Los consumidores utilizan cada vez con más frecuencia los medios sociales para diversas tareas relativas al consumo, tales como las quejas acerca de una marca, o el intercambio de experiencias sobre compras. El crecimiento de los medios sociales representa una oportunidad de negocio basada en el intercambio de información, aunque también complica el trabajo a los Directores de Marketing, quienes necesitan estar preparados para manejar las cuestiones corrientes en este campo. Este artículo destaca ocho áreas pertenecientes al marketing de los medios sociales, que crean retos difíciles a las personas que se dedican al marketing. Basándonos en los informes de estos últimos, y en los hallazgos académicos en relación a las redes sociales online, prevemos amenazas y oportunidades emergentes derivadas de los cambios de los comportamientos de los consumidores y de los cambios de los modelos de negocio. Además de tratar cada reto, planteamos cuestiones sobre investigación a los académicos de marketing, a fin de inspirar un análisis más amplio y una mejor comprensión de este campo en evolución.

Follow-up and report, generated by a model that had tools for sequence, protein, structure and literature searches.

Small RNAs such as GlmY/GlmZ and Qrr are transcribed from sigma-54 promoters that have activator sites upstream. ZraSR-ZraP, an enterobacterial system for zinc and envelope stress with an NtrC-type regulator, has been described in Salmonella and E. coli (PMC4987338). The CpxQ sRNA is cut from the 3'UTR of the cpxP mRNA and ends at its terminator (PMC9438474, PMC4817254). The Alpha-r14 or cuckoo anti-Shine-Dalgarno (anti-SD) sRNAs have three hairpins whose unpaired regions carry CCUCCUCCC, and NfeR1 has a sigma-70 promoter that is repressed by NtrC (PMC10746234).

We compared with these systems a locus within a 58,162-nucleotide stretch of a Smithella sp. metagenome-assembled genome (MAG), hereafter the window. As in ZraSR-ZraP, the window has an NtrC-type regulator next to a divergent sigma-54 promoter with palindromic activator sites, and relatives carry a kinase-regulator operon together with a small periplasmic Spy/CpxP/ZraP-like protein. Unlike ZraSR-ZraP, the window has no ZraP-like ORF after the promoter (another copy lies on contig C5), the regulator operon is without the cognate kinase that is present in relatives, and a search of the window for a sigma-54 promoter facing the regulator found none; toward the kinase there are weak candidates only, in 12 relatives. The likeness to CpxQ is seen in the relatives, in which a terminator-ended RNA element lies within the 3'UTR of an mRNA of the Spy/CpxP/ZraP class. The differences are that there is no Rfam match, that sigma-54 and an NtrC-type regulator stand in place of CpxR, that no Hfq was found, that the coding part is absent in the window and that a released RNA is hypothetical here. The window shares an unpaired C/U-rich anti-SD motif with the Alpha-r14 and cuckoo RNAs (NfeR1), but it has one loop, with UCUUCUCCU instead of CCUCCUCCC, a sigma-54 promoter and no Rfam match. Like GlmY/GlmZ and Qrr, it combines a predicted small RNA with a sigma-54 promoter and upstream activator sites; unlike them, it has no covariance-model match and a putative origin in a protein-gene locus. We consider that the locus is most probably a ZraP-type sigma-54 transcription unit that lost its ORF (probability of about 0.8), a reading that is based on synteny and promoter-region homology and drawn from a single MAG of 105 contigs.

Palabras clave:
Medios sociales
Práctica del Marketing
Comportamiento del cliente
Full Text

Social media remain in continuous growth and by some accounts have become the main channel for costumers to experience and interact with the world. To help attain their goals, people join general or more specialized networks and search, share, participate, consume and play (Bolton et al., 2013).